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Identity Theft

Definition

Identity theft is the act of stealing the identity of someone else. A name and social security number are used to obtain credit cards, utility services and other benefits in someone else’s name. The stolen personal information can be used to run credit card charges, open bank accounts or drain the victim’s bank accounts and receive medical treatment.

Types of Theft

There are a number of different types of thefts including Tax-related theft, medical theft and child theft.

Tax-Related

The IRS keeps track of citizen’s with their social security number. When the IRS finds a discrepancy between declared income and reported income, they will notify the person. This is usually when an investigation will start to find out if an identity has been stolen.

Medical

Medical theft is when an identity is taken for medical services. The alleged identity thief will obtain a social security number, service provider card and medical health plan in the victim’s name. A bill for medical services not received or a call from a debt collector can start alarm bells ringing. Once it’s been established that the person’s identity has been stolen, an investigation will start.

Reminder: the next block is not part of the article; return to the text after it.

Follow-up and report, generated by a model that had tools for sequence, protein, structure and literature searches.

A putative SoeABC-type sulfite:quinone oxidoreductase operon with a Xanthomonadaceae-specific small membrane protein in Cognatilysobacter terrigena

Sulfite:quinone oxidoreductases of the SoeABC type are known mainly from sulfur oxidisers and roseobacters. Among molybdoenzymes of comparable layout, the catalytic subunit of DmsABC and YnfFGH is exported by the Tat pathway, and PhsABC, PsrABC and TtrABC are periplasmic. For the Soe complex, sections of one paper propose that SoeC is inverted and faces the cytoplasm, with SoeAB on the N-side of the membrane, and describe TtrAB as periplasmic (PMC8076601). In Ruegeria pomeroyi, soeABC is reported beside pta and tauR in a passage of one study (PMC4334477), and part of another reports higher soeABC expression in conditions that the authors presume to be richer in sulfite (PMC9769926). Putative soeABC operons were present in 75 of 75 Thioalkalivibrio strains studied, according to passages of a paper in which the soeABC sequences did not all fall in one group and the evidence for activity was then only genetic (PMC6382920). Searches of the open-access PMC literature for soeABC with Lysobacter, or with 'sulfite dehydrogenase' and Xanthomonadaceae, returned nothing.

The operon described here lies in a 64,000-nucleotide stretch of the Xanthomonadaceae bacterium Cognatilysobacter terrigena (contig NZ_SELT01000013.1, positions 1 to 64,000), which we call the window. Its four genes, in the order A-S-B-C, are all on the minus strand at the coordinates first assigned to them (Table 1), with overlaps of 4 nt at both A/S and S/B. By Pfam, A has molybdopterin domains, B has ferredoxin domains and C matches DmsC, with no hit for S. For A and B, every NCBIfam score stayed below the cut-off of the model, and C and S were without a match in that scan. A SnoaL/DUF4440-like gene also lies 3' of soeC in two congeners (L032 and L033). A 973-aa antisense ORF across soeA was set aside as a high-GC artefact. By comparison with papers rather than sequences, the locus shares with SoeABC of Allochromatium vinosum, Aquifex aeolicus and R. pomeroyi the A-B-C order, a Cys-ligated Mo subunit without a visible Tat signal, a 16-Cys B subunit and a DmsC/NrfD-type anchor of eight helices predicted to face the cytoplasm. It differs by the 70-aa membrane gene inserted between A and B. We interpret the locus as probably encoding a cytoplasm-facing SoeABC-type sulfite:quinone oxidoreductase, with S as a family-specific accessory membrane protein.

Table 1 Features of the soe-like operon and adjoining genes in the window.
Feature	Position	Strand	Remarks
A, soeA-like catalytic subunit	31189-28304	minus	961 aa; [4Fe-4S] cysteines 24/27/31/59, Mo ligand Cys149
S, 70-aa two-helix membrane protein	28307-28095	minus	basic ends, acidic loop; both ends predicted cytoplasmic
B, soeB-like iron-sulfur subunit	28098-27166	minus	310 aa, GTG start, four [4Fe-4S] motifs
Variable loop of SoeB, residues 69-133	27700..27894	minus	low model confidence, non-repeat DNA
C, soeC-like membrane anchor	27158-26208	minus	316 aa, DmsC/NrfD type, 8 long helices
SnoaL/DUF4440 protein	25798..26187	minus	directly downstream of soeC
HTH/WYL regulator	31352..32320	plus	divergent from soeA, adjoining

Child

This is the most common type of theft. Often, a child’s social security number can be taken at a variety of places for many reasons. Parents should be vigilant in finding out why the social security number is needed, and what it will be used for in the future. Collection calls and bills for services in the child’s name should be investigated. Sometimes, the perpetrator is one of the child’s parents.

Laws and Jail Time in Maryland

Under Maryland Criminal Code §8-301, if the amount in controversy is less than five hundred dollars, the crime is considered a misdemeanor and the punishment is a fine up to $5,000 or imprisonment of up to 18 months in jail. If the money stolen is over $500, it is considered a felony and carries a fine of $25,000 or a prison term of not more than 5 years. Along with the jail term and fines, the defendant could be ordered to pay restitution to the courts and victim. This would include attorney fees, administrative court costs and any debts incurred.

Criminal Defense

Based on the type of crime and severity, an attorney must be vigorous in the defense of their client. Theft can be difficult to prove without appropriate admissible evidence and conviction is never a guarantee. The prosecutor must have solid evidence that theft did in fact occur, and that the defendant was the one who committed the crime. In some cases, it can be a hard crime to prove with substantial evidence, but theft charges must always be defended aggressively.

Anyone under investigation for theft should consult an attorney immediately. There’s a better chance for successful defense when a lawyer is brought into the early stages of the investigation.

If you are being investigated for theft or you’ve been charged with the crime, contact Robinson & Associates for an immediate and free consultation at 443-524-7395. We have been aggressively defending theft cases for over 20 years.

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